sel has contended in it that Judge
Strong should be impeached and that
the committee should so report. I sup?
pose that eounsel has done so because
that is his side of the case and it is his
business to do so. But the committee,
the judges, have made no report nor
.ntimated their conclusions in any way
?o far as I have heard."
Resign an Fuel
IM.nile Information Puts
End to Earlier Rumors
and Reports to Contrary;
Office Hints at Formality
Brooklyn Relief Seen
Carload of Goal Heizet. That
Rail PreMident Brought
Direct From Mine
Despite reports to th? contrary snd
the intimations contained In ?t?te
ment? iisued from the office of the Fuel
Administrator y??terd?y. It wa? ?aid
in well informed quarters that William
W. Woodln I? not to reaign hi? poll
with the Induction into office of Osr
? roor elect Smith. Mr. Woodln hlrn
?elf waa not in hi? office ye?t*rday, but
it can be ?aid definitely he will con?
tinue to serve the ?Ute after January 1.
Mr. Woodin'? potttton ha? Been a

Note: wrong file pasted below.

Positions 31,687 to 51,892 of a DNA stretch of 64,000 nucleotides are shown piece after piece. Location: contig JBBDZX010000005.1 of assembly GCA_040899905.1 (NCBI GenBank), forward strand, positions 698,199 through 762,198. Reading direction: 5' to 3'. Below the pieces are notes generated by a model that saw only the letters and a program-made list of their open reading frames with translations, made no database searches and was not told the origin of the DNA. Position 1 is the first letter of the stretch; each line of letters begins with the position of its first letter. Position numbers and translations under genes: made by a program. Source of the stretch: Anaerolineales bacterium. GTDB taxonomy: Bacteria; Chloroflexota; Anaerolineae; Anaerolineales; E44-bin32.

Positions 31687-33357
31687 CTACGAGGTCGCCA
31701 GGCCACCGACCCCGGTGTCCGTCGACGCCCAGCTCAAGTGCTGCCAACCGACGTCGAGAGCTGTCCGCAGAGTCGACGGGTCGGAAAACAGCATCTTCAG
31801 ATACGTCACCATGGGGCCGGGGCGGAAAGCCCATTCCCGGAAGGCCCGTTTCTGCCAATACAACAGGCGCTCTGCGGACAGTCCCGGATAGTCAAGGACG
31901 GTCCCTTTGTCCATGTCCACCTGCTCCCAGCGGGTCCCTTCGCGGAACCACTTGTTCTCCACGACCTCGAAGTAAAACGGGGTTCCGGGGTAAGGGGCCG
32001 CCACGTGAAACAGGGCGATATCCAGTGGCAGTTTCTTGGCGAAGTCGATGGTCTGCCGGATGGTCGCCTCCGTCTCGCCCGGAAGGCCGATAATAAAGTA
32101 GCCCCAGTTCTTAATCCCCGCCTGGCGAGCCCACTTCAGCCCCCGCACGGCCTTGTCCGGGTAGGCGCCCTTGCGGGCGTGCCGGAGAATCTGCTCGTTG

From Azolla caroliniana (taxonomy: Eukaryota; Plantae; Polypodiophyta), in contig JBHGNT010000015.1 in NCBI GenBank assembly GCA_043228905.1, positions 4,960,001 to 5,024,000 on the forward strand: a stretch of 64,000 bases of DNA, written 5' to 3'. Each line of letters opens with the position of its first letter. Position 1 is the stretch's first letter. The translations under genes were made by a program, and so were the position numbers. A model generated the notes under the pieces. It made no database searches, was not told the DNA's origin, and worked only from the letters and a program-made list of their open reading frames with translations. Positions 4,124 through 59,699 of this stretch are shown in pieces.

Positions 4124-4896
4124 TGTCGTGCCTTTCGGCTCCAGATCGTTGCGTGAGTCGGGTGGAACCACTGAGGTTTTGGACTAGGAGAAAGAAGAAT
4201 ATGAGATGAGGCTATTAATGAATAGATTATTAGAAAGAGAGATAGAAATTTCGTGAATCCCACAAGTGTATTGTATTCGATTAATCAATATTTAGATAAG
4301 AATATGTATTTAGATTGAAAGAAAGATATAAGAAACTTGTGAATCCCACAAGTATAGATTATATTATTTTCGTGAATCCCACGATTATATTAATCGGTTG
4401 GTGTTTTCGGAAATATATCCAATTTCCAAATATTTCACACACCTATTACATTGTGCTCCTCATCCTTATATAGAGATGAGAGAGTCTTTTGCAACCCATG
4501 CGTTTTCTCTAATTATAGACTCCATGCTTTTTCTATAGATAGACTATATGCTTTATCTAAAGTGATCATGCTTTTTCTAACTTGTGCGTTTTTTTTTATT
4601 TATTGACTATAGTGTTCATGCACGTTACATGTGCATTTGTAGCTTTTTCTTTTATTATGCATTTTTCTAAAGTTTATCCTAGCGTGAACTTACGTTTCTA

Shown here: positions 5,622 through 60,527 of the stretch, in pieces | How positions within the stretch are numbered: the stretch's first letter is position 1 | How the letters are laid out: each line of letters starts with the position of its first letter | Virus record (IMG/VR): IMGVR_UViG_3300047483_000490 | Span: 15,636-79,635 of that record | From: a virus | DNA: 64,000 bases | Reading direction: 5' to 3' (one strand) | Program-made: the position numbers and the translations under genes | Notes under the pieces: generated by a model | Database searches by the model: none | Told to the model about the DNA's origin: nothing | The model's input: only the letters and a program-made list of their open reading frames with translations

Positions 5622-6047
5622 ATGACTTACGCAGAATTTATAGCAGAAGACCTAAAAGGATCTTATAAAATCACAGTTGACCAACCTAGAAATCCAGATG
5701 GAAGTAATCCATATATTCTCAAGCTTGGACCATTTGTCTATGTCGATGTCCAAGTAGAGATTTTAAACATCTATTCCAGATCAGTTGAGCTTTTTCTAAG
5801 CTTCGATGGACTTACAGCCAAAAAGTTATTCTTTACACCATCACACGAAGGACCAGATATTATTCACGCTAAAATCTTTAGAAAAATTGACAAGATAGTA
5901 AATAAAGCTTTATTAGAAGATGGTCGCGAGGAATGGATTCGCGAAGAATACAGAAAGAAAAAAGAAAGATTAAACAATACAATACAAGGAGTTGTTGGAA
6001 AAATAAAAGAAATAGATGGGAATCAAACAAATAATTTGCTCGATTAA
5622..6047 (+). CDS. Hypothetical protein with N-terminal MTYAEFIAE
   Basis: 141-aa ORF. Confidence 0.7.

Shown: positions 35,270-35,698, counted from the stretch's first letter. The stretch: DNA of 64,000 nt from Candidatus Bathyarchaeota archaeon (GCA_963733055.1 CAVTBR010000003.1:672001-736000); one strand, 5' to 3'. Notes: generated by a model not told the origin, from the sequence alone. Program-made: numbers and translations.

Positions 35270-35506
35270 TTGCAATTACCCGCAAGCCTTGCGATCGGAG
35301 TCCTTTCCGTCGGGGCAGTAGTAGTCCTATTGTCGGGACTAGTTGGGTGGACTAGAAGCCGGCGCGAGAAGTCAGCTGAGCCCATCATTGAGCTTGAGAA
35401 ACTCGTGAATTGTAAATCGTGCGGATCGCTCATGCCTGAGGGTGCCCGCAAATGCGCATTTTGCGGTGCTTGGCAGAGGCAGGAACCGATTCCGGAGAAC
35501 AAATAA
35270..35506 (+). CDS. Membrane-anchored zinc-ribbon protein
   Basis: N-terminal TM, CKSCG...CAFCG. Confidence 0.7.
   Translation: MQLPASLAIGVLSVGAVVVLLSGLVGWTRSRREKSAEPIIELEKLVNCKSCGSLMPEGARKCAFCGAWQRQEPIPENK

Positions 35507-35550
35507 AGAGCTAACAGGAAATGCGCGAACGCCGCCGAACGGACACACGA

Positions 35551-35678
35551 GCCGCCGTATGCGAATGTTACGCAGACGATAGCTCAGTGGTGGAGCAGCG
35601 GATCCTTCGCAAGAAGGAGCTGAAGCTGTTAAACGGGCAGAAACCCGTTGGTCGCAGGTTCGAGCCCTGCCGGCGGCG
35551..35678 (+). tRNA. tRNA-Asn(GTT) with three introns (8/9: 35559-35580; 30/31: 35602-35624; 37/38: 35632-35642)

difficult ore for the last few month?, |
it wa? ???erted. beeeusc of hi? doable j
dutiee as president of the American I
(?r and Foundry Company and Stst?
It is considered Mr. Woodin hae dons
a? well in the Fuel Administration job
as any one could be expected to do,
and he will continue, therefore, to di?
rect this depsrtment under the new
state administration. He ha? been a
friend ot Governor-elect Smith for
Nothing lo Say," Smith Asserts
The Governor-elect declined to dl?
euss the matter yesterday.
"I have nothing to aay," he said in
his room at the Bllttnore. "There I?
nothing that I can ?ay. Mr. Woodln
has not resigned to me, a? I tm not
Governor. I know nothing about hi?
Inquirers ?t Mr. Woodin's office yes?
terday were Informed he would not be
luring the day. but a brief state?